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Will Andy Pettitte make the Hall of Fame at some point?

Joe Torre knows Mariano Rivera and Derek Jeter will be enshrined, and he thinks Pettitte deserves more consideration than he's probably going to get.

Former New York Yankee Andy Pettitte throws batting

Former New York Yankee Andy Pettitte throws batting practice before a game between the Yankees and the Tampa Bay Rays at Yankee Stadium on Thursday, June 15, 2018 in the Bronx borough of New York City. Photo Credit: Jim McIsaac

Hall of Famer Joe Torre knows he’s going to be in Cooperstown in July to welcome Mariano Rivera into baseball’s club of immortals. The year after that, Torre plans to watch Derek Jeter headline the Hall’s Class of 2020.

What Torre doesn’t know is if another of his former players, steady lefthander Andy Pettitte, will join the other Yankees in Cooperstown someday.

Rivera is a first-timer on this year’s Hall ballot. So is Pettitte. But while Rivera is a lock to get in and even has people wondering if he (or Jeter next year) will be the first player to get 100 percent of the votes, Pettitte is hardly getting mentioned.

Will Andy Pettitte be voted into the Baseball Hall of Fame?

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“I don’t think Andy’s going to get as much attention as he deserves,” Torre said on Thursday night at his 16th annual Safe at Home dinner in lower Manhattan. “I’d like to see him get attention.”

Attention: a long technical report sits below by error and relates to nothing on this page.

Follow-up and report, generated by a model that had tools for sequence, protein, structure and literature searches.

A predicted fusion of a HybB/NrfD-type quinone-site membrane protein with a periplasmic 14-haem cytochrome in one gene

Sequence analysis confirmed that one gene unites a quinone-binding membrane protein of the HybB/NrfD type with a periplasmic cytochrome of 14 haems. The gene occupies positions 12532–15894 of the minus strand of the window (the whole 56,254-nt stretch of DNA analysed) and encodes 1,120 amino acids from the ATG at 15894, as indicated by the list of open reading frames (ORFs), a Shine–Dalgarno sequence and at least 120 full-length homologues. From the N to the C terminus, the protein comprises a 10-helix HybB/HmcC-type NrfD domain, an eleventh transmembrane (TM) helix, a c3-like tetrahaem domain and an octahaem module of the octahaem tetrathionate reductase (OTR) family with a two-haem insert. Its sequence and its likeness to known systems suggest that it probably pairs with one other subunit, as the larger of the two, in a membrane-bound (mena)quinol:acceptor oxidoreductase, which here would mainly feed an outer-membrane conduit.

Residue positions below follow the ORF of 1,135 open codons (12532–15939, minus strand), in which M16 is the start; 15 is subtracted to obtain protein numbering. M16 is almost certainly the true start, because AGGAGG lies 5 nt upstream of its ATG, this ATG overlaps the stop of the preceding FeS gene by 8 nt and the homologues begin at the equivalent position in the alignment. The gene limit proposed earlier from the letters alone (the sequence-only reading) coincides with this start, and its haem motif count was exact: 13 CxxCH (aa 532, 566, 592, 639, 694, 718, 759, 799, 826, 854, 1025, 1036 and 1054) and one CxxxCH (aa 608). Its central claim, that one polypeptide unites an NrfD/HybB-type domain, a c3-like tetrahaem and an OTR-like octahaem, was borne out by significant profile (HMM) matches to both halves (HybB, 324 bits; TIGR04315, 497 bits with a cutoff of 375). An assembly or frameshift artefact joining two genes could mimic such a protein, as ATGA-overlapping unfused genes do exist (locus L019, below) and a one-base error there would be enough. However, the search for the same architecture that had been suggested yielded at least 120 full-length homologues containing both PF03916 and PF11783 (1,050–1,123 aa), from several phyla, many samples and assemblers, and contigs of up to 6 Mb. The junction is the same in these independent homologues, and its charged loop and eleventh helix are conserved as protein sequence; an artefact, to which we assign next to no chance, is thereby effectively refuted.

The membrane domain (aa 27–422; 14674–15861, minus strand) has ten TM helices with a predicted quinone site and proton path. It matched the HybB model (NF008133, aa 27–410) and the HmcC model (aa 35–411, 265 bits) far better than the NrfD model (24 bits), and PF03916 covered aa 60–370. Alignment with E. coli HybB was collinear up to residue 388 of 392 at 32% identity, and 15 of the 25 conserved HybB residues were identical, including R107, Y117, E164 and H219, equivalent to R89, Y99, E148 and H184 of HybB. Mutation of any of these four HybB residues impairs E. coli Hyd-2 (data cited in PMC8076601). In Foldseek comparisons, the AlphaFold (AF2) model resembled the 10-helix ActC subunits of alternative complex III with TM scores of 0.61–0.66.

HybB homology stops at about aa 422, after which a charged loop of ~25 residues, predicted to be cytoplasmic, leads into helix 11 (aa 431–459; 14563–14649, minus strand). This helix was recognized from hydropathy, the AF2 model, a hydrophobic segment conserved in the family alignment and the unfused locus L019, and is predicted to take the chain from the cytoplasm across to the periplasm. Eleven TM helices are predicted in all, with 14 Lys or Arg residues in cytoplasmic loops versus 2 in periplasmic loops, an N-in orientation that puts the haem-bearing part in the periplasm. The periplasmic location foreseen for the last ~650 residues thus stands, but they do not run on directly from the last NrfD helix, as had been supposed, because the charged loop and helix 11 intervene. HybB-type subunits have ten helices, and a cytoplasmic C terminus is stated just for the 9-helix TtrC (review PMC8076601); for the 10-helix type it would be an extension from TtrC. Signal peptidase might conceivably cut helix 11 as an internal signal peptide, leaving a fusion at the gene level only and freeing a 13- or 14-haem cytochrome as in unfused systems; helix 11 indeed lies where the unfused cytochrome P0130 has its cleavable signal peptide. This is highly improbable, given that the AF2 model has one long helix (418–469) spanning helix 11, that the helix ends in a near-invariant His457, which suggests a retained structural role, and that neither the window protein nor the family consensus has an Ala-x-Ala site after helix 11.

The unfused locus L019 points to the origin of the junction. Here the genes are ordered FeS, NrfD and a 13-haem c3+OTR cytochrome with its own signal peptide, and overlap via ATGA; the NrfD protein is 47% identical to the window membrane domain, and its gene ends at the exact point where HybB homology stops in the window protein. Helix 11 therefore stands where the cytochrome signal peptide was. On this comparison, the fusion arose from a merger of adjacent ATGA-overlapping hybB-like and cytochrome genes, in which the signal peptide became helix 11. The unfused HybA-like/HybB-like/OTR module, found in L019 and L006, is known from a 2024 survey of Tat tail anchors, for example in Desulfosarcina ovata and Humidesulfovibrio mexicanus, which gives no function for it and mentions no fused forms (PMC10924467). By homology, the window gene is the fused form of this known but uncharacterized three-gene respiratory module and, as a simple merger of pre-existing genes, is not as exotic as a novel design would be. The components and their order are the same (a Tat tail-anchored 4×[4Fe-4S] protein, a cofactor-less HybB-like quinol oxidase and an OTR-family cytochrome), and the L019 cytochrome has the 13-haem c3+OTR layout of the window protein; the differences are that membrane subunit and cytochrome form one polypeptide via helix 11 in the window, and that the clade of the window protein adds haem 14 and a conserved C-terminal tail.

Pettitte is a borderline Hall candidate based on his stats. In 18 seasons with the Yankees and Astros, he went 256-153 with a 3.85 ERA.

Pettitte won five World Series rings in 15 seasons with the Yankees. He was 19-11 with a 3.81 ERA in 44 postseason starts and owns the record for postseason victories by a pitcher. He was the 2001 ALCS MVP, made three All-Star teams and finished in the top six in Cy Young Award voting five times, including a second-place showing in 1996, when he won 21 games for the Yankees.

“Somebody asked me the other day about who would you [pitch] if you had one game to win,” Torre said. “I said I would take Pettitte or Coney [David Cone] for that one game, for what they represent. They will themselves to do things.”

But Pettitte’s candidacy will be hurt by his admission in 2007 that he used HGH in 2002. Pettitte was named in the Mitchell Report in 2007, and he immediately apologized for what he said was “an error in judgment” in using HGH in an attempt to come back from an elbow injury.

Hall of Fame voters have not been kind to players with proven ties to performance-enhancing drugs. Some players have had a difficult time getting the 75 percent of the vote needed for enshrinement even if their only link to PEDs was through the rumor mill. So Pettitte could be seen as a test case for a player who admitted to a dalliance with PEDs but was otherwise thought of as a good person and a clutch pitcher.

As for Rivera, there is no debate. He will headline the Class of 2019 in Cooperstown and could be joined by  former Seattle Mariners designated hitter Edgar Martinez, his old nemesis, who might pick up enough votes in his final year of eligibility on the writers’ ballot to make it. Martinez was named on 70.4 percent of the ballots last year.

Rivera, baseball’s all-times saves leader with 652, has shied away from Hall talk in recent public appearances. Ballots will be cast in December and results will be announced in January.

“I think until it’s verified, I can understand that,” Torre said. “I think it’s more of a respect for the game. He doesn’t want to think it’s a slam-dunk, even though it is.”

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